by Michael Caruso
Adam Pearl, harpsichordist with Tempesta di Mare and a member of the faculty at the Peabody Conservatory of Music of Johns Hopkins University, will present a recital of music from the High French Baroque Saturday, March 14, 5 p.m. in the Woodmere Art Museum. The program will be repeated Sunday, March 15, 3 p.m. in the Museum of the American Revolution, 3rd and Chestnut Sts. in Old City.
His program will consist of music composed by Claude-Benigne Balbastre, Jacques Duphly and Joseph-Nicholas Royer. More details: 215-755-8776 or tempestadimare.org.
Mendelssohn Club of Philadelphia performed Beethoven’s “Mass in C major,” Opus 86, and “Fantasia for Piano, Chorus & Orchestra,” Opus 80, Saturday, March 7. The 120-strong chorus, which brings its “Festival of Carols” to St. Paul’s Episcopal Church, Chestnut Hill, every Christmas season and includes numerous local members, was joined by the Camden-based Symphony in C and a bevy of vocal soloists for a splendidly successful concert.
Both the “Mass in C major” and the “Choral Fantasy” were composed toward the end of Beethoven’s “middle period.” It’s the time in his life when he eventually (and not without great struggle) came to terms with his deafness. It leads into his “late period,” at which time he seems to have realized that despite his loss of hearing, he could still compose. In fact, it’s during his final years of composition prior to his death in 1827 that he wrote most of his greatest scores.
Both the “Mass in C” and the “Choral Fantasy” are major works that have been unfairly overlooked by performers and audiences. No development could be more undeserved, for both are excellent works that surpass the finest efforts of all classical composers with the exceptions of Bach, Handel and Mozart.
Unlike the gargantuan “Missa Solemnis,” the “Mass in C” is so compactly conceived and intensely delineated that its setting of the Latin Ordinary of the Roman Catholic Church’s Mass could almost function liturgically. Its structure is so classically concise that the circular form of the Mass is impeccably projected.
The two outer movements – “Kyrie” and “Agnus Dei” – are in three parts and are the shortest. The middle movement – “Credo” – is the longest while the second and fourth movements – “Gloria” and “Sanctus/Benedictus” – are also balanced in size. When handled correctly, there’s a marvelous feeling of presentation, development and resolution about musical settings of the Mass, none more so than in Beethoven’s peerless hands.
Although the “Choral Fantasy” is often derided as merely a preliminary workout for the “Choral Symphony No. 9,” it’s a masterpiece in its own right. The piano writing is superb, the orchestral writing is superb, and the choral writing at its finale is, in a word, superb.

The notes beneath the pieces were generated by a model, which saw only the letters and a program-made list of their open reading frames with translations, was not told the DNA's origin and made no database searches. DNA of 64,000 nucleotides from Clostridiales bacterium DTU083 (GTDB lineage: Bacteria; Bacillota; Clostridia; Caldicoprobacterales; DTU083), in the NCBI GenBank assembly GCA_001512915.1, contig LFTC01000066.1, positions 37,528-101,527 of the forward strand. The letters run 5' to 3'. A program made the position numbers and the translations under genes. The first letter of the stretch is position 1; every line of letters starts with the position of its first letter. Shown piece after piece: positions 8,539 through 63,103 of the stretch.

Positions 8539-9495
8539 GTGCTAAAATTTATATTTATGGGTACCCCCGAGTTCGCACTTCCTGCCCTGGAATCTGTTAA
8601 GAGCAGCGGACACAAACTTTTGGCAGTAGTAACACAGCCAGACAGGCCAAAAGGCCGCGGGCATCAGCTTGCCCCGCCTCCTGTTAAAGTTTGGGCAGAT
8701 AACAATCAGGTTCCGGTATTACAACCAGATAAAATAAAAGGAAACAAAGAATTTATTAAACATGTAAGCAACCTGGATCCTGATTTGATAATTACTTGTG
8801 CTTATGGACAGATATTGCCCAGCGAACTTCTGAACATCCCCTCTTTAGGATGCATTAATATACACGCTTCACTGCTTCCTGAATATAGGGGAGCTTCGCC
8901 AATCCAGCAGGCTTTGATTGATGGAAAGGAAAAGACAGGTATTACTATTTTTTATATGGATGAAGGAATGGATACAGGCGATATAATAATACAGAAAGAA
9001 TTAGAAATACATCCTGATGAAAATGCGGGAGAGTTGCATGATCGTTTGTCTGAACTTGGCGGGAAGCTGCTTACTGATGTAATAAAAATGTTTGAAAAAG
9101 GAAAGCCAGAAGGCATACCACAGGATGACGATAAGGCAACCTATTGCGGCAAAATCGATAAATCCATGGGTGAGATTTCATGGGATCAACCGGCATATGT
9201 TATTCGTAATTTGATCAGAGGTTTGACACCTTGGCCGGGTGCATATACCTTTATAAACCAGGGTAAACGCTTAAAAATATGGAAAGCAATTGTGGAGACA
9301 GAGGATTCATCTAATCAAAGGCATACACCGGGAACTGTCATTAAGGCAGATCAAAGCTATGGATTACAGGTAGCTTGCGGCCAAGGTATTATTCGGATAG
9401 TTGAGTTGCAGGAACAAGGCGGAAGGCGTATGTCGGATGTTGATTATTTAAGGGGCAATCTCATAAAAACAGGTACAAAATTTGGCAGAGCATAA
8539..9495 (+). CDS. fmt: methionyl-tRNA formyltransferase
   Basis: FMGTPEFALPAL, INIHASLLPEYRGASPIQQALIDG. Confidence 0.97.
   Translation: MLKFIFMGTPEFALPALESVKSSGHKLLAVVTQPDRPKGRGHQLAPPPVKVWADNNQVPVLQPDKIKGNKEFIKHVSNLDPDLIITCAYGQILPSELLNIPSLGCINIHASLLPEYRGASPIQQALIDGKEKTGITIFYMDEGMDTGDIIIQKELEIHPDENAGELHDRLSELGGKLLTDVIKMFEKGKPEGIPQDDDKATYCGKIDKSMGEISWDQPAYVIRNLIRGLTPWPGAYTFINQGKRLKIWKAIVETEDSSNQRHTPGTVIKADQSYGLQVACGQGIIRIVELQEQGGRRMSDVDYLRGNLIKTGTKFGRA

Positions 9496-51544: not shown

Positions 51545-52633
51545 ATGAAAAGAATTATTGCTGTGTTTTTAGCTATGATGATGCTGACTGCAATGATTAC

Saturday evening’s performances of both scores were also superb. Acting artistic director John Leonard and piano soloist Tomoko Kanamaru caught the tightly formed improvisatory quality of the opening portion of the “Fantasy” and then joined with Mendelssohn Club for the grand finale.
Leonard’s interpretation of the “Mass in C” was no less efficacious. The choir sang with unforced power, seamless balance between the vocal ranges, flawless tonal blend, unquestioned tuning and exemplary diction.
Symphony in C, Stilian Kirov music director, was a revelation. All sections played beautifully in both scores. The playing of the woodwind choir in the “Choral Fantasy” was especially lyrical.
No less noteworthy was the concert’s venue, the Episcopal Church of the Holy Trinity, Rittenhouse Square. Its medium size – seating approximately 900 – and warm, enveloping acoustics provided the perfect setting for a concert of classical music. Would that Symphony in C had a regular Philadelphia season – at Holy Trinity Church.
Pennsylvania Ballet premiered artistic director Angel Corella’s choreography (after Petipa) of “La Bayadere” in the Academy of Music this past weekend. The production continues through March 15 and, while not a “must-see” even for ballet lovers, it’s worth a gander. I caught the Sunday afternoon performance, and the audience that packed the Academy of Music seemed to love it.
The principal drawback with “Bayadere” isn’t its cultural insensitivity – it’s set in a faux-India that even Hollywood would eschew – as much as its lack of narrative conviction. There’s not a character onstage that generates any real interest because there’s not a real character anywhere onstage.
Visually, however, it’s beautiful to behold. Corella’s choreography is riveting, and the physical production is sumptuous.
So Jung Shin was a delicate Nikiya. Jack Thomas was an elegant Solor, who betrays her for the daughter of the Rajah. Alexandra Heier was imperious as that daughter. Sterling Baca was inadvertently too charismatic as Brahmin, the rejected suitor of Nikiya.
Visit paballet.org for ticket information.
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